from The American Heritage® Dictionary of the English Language, 4th Edition
- adj. Characterized by or indulging in vulgar, lewd humor.
- n. A vulgar, lewdly funny person.
from Wiktionary, Creative Commons Attribution/Share-Alike License
- adj. Coarsely, vulgarly or lewdly humorous.
- n. A person who is filthy or vulgar.
from the GNU version of the Collaborative International Dictionary of English
- n. A low, vulgar, brutal, foul-mouthed wretch; a lewd fellow.
- adj. Low; base; mean; filthy; obscene.
from The Century Dictionary and Cyclopedia
- n. A low, base fellow; a profligate; a ruffian; a person of lewd habits: applied particularly to one who is coarse, abusive, or obscene in language.
- Licentious; profligate; obscene; coarse; abusive or indecent, especially in language; foul-mouthed.
- Synonyms Gross, coarse, filthy, indecent.
from WordNet 3.0 Copyright 2006 by Princeton University. All rights reserved.
- adj. humorously vulgar
- n. a ribald person; someone who uses vulgar and offensive language
Despite the heat and the stagnant air, one of the toilers found breath to croak a ribald buccaneering ditty:
He said that he was a God-fearing man, and meant to do right, and was willing to take his chances in the lottery of war, but when a man got him to ride a circus trick-horse, and bring upon his sacred calling the ribald laughter of the wicked, he felt that civilization was a failure.
Only once had his eye flashed fire and his cheek burned, and his right hand unconsciously sought where his weapon should have hung, when his noble brother was termed a ribald assassin, an excommunicated murderer; but quickly he checked that natural emotion, and remained collected as before.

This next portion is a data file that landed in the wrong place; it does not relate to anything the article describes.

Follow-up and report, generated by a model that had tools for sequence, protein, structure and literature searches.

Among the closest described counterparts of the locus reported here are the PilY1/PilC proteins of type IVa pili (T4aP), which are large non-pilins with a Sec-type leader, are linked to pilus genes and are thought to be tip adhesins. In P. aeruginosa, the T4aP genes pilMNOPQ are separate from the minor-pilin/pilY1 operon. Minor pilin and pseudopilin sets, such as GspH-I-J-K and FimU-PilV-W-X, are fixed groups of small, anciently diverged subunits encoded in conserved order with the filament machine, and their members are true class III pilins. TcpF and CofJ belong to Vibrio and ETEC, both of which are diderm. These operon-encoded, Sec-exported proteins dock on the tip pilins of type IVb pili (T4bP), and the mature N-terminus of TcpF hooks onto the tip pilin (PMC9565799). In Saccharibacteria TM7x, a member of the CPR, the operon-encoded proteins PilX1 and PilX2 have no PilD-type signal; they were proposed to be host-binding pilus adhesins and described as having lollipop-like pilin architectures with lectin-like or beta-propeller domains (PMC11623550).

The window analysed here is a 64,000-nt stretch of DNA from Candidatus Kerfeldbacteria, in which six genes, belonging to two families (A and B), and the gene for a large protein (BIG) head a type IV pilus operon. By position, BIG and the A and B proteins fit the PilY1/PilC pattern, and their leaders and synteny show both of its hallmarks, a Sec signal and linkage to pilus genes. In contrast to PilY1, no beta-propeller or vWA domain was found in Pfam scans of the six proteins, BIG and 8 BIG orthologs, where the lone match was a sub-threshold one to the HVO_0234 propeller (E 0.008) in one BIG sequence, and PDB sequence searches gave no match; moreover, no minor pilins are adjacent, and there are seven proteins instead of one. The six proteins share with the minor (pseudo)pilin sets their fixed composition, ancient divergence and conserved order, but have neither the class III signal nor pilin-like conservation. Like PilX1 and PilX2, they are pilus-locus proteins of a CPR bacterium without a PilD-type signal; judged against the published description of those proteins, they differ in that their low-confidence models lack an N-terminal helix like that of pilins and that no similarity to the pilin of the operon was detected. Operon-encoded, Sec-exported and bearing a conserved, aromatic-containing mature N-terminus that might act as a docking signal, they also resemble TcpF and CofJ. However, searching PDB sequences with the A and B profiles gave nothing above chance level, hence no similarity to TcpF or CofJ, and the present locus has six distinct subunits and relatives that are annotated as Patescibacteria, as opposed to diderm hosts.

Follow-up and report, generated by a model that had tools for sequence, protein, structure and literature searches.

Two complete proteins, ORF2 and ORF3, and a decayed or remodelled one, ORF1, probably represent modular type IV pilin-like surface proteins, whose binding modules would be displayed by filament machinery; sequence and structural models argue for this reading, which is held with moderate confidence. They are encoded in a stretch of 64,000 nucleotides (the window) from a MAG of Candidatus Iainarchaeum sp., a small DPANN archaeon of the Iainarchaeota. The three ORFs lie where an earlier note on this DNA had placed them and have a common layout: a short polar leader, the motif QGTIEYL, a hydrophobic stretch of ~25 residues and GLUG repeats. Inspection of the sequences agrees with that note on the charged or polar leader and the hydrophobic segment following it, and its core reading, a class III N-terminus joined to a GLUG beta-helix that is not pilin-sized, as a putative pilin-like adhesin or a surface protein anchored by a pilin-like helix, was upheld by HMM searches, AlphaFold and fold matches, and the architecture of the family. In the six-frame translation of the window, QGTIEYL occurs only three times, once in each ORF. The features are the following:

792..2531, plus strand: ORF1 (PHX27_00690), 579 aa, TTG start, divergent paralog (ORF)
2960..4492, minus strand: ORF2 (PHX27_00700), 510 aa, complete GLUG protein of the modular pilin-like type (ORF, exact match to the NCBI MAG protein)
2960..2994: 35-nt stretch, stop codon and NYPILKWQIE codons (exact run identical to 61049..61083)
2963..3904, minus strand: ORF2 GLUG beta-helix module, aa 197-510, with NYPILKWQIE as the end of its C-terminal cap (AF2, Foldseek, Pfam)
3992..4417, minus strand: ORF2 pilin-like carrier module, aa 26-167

A final thought -- I would suggest that the Judicial Council refrain from using the term "ribald" to describe the jokes in question.
I don't think that you are aware what "ribald" means. '
At Gloucester, to which the duke had brought the parliament in 1378, in the hope of escaping from the interference of the "ribald" Londoners, (630) Brembre was arraigned on a charge of having connived during his recent mayoralty at an attack made on the house of the duke’s younger brother, Thomas of Woodstock, Earl of
Shameless is what you might expect of a no-holds-barred family drama on pay cable: reckless, raw and always a bit much — especially when it comes to a preposterous character like Joan Cusack as a neurotic, agoraphobic, psycho/nympho housewife who we first meet when Lip tutors her daughter in sessions that go predictably ribald.
The wedding of two B-list stars somehow makes for A-list news, which explains why I'm writing this post about the weekend nuptials of saucy pop songstress Katy Perry and ribald, hirsute British comedian Russell Brand.
I thought the book was more urban than urbane, more ribald than refined, but Armageddon Bound was a fun read.
Parkin, the subject of much ribald comment from opposing supporters, weighs in around the 14 stone mark and when he joined the club a photograph of him in a kebab shop was widely circulated on the fans 'websites.